Skip to main content
Premium Trial:

Request an Annual Quote

Analytik Jena Buys Imaging Firm UVP

NEW YORK (GenomeWeb News) – German analytical instrument firm Analytik Jena today announced it signed a contract to acquire life science imaging company UVP for an undisclosed price.

The deal is anticipated to close April 5, and, in addition to acquiring UVP, Analytik Jena will purchase the Upland, Calif.-based company's wholly owned subsidiary Ultra-Violet Products, headquartered in Cambridge, UK.

The deal launches Analytik Jena into the US market, it said.

UVP provides digital imaging systems for applications in proteomics, genomics, and plant and animal sciences. Among the instruments it offers are systems for gel and chemiluminescence imaging, as well as for fluorescent and colorimetric imaging.

The UVP group posted $17.2 million in revenues in 2012 and has 109 employees globally, Analytik Jena said. It anticipates the UVP business' operating results to reach breakeven in the second half of its Fiscal Year 2013. In FY 2014, sales from the business are expected to exceed €40 million ($51.3 million).

The deal follows last week's announcement from Analytik Jena that it launched its French subsidiary Analytik Jena France.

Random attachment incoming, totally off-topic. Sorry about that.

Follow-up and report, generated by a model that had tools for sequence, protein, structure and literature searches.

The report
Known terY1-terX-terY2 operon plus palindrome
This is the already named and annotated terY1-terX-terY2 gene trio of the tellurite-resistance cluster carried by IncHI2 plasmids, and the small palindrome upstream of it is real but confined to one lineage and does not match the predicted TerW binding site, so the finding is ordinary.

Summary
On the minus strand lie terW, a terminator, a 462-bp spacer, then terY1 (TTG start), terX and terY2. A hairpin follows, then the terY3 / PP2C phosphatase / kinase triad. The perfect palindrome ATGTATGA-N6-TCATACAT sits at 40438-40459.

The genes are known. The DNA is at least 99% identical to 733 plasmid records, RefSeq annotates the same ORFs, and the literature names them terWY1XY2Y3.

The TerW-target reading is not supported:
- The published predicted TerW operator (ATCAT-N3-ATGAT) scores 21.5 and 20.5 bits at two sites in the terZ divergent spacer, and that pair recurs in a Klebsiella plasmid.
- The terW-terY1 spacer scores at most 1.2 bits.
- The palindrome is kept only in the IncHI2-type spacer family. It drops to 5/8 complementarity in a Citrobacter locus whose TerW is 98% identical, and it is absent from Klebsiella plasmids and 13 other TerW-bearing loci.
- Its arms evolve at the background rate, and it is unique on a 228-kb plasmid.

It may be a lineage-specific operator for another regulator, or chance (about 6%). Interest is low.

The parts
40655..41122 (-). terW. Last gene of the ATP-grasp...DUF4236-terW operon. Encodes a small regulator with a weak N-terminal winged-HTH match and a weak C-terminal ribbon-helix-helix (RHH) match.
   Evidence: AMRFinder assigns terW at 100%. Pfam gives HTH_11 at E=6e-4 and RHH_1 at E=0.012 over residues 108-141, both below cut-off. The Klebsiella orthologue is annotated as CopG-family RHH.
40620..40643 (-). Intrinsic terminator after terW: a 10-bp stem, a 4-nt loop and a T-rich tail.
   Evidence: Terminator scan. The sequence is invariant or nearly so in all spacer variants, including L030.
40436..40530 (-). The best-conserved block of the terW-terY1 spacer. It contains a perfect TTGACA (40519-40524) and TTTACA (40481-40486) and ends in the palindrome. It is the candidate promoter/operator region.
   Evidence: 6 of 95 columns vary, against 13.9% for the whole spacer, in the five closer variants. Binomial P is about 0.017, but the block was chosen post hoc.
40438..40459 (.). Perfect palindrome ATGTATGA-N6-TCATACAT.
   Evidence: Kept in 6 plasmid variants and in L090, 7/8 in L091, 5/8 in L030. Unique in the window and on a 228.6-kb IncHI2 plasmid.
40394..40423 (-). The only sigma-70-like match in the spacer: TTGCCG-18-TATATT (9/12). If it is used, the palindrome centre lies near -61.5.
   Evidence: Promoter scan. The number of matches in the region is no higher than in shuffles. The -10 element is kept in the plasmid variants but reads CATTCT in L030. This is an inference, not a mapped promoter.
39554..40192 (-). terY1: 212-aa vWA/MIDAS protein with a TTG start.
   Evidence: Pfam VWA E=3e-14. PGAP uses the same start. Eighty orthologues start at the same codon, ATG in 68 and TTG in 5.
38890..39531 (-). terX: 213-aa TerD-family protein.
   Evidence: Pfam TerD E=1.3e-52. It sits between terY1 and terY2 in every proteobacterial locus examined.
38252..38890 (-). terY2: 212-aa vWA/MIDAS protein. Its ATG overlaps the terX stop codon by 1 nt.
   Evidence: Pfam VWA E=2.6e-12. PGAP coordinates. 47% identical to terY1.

The Scan

Researchers Develop Polygenic Risk Scores for Dozens of Disease-Related Exposures

With genetic data from two large population cohorts and summary statistics from prior genome-wide association studies, researchers came up with 27 exposure polygenic risk scores in the American Journal of Human Genetics.

US Survey Data Suggests Ancestry Testing Leads Way in Awareness, Use of Genetic Testing Awareness

Although roughly three-quarters of surveyed individuals in a Genetics in Medicine study reported awareness of genetic testing, use of such tests was lower and varied with income, ancestry, and disease history.

Coral Genome Leads to Alternative Amino Acid Pathway Found in Other Non-Model Animals

An alternative cysteine biosynthesis pathway unearthed in the Acropora loripes genome subsequently turned up in sequences from non-mammalian, -nematode, or -arthropod animals, researchers report in Science Advances.

Mosquitos Genetically Modified to Prevent Malaria Spread

A gene drive approach could be used to render mosquitos unable to spread malaria, researchers report in Science Advances.